Afarm dog in the west African country of Ghana is being praised as a hero hound after saving the life of an abandoned two-week-old baby. Madam Rosemary Azure, a regional director of health in Ghana, told the Ghana News Agency that the dog apparently found the baby under a bridge in the northern part of the country near the regional capital of Bolgatana. Rather than abandon (or eat) the vulnerable tot, the dog curled up next to him for the night, refusing to leave his side.A search party (looking for the dog) found the duo the next morning. The dog's owner had become worried that the pooch hadn't returned home, and had gotten a group together to look for the pup through through the nearby woods and fields. They spotted the dog under the bridge, and then saw that a baby was nuzzling into its fur.
Authorities say they have taken custody of the child and are investigating how he got under the bridge in the first place.
There have been a few such doggy heroes in Africa.
Perhaps most famous is the Kenyan stray now known as Mkombozi, who was foraging for food in 2005 when she found an abandoned infant girl in a plastic bag. Mkombozi (which means “liberator” in Swahili) carried the baby back to her own litter of puppies – across busy roads, through a barbed wire fence and into one of the impoverished neighborhoods of Nairobi.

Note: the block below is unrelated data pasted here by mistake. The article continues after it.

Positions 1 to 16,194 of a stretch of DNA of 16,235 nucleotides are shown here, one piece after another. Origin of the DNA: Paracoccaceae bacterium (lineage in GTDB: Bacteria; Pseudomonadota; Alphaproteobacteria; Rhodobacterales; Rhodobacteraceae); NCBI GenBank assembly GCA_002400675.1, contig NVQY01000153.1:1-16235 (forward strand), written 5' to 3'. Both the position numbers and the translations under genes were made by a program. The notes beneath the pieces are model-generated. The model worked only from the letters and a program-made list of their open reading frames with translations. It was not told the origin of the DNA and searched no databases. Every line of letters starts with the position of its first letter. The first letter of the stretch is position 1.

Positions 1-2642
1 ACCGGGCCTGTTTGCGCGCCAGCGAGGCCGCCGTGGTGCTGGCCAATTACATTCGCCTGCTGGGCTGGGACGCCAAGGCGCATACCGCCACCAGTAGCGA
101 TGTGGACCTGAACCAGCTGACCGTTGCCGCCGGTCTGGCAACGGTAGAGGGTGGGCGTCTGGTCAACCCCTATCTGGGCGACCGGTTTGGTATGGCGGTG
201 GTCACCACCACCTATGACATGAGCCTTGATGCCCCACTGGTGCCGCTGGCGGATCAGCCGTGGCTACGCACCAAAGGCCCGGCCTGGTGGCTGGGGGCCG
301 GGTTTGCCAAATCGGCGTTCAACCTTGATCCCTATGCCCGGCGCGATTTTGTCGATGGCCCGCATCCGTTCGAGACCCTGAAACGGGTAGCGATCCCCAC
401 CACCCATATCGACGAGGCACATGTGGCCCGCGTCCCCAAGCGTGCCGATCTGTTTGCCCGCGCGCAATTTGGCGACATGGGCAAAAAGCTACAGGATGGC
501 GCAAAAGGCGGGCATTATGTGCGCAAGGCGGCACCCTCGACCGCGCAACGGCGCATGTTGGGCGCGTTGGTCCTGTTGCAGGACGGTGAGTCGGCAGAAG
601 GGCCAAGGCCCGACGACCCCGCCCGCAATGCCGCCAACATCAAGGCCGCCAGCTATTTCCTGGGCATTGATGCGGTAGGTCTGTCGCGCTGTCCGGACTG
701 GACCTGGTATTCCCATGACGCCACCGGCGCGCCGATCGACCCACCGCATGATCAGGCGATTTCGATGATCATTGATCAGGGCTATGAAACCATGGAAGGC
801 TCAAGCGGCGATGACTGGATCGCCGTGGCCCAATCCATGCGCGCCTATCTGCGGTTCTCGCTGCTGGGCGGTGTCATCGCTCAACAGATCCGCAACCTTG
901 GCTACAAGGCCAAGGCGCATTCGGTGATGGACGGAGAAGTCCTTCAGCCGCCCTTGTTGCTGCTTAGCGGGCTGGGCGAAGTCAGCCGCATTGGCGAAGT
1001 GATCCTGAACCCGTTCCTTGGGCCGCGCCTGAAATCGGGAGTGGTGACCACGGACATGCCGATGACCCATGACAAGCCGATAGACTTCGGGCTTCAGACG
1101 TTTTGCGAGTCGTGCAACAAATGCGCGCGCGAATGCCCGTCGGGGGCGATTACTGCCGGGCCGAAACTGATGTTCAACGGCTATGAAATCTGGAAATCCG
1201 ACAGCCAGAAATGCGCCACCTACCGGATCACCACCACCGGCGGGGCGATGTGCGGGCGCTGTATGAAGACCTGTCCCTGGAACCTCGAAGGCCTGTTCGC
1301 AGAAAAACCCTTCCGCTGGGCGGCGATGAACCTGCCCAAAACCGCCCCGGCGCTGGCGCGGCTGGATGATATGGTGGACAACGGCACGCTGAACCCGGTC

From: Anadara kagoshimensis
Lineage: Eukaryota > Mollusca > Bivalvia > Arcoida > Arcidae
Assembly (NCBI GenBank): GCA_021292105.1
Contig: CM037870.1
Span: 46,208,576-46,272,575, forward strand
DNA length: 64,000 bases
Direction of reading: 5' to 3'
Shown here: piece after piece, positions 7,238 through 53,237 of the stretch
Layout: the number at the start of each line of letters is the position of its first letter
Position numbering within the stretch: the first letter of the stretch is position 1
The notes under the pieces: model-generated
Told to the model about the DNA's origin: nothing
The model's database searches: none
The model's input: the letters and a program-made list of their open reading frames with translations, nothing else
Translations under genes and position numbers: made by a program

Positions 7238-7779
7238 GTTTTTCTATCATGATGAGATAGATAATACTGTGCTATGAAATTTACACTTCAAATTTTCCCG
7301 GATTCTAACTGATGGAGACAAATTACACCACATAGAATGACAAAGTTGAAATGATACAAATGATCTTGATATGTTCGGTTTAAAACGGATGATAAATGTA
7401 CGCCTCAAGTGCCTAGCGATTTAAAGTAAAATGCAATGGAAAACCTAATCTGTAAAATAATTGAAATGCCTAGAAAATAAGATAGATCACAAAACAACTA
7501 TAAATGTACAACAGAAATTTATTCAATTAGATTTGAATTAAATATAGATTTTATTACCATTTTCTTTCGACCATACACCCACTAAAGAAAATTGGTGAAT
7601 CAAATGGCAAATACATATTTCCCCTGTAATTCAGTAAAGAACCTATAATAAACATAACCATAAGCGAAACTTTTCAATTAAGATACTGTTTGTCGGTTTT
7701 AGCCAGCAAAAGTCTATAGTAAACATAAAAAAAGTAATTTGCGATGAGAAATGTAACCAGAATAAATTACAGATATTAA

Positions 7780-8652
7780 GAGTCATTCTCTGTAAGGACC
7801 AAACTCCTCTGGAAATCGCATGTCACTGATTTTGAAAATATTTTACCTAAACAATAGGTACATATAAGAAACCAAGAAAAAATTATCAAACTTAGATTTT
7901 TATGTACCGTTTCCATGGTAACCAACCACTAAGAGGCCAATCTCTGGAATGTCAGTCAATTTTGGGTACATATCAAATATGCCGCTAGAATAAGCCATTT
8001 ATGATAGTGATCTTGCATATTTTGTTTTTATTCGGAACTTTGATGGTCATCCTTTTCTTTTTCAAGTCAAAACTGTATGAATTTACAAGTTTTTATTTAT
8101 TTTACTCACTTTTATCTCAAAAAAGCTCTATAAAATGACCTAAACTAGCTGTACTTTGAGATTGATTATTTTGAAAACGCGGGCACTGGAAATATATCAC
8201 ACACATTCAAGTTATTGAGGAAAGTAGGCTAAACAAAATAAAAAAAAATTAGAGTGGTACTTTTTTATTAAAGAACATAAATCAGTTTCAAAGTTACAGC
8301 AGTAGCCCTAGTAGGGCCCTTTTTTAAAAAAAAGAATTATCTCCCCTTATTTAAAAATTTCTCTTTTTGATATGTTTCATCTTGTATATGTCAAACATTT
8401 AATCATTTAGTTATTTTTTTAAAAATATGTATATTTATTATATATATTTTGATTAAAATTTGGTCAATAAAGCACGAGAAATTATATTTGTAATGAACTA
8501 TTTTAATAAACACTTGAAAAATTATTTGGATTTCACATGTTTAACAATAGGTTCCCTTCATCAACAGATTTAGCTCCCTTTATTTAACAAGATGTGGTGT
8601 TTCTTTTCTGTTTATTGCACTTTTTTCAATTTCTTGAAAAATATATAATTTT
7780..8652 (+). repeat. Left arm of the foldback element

The dog became a national hero after residents heard the baby’s cries and found Mkombozi protecting her. People still talk about the Mkombozi. When I was reporting in Kenya earlier this year at least a half dozen people asked whether I had heard of her.
We wonder what honors are in store for the Ghana pup.
As for the baby – he’s apparently doing OK after his night with the pooch. That’s one sure dog person in the making.


Tuesday, June 5, 2012

All Catholics Must Read

Editor's note: Following is the full text of the homily of Bishop Daniel R. Jenky, CSC, at the Mass during the April 14 "A Call to Catholic Men of Faith" in Peoria.  

There is only one basic reason why Christianity exists and that is the fact that Jesus Christ truly rose from the grave.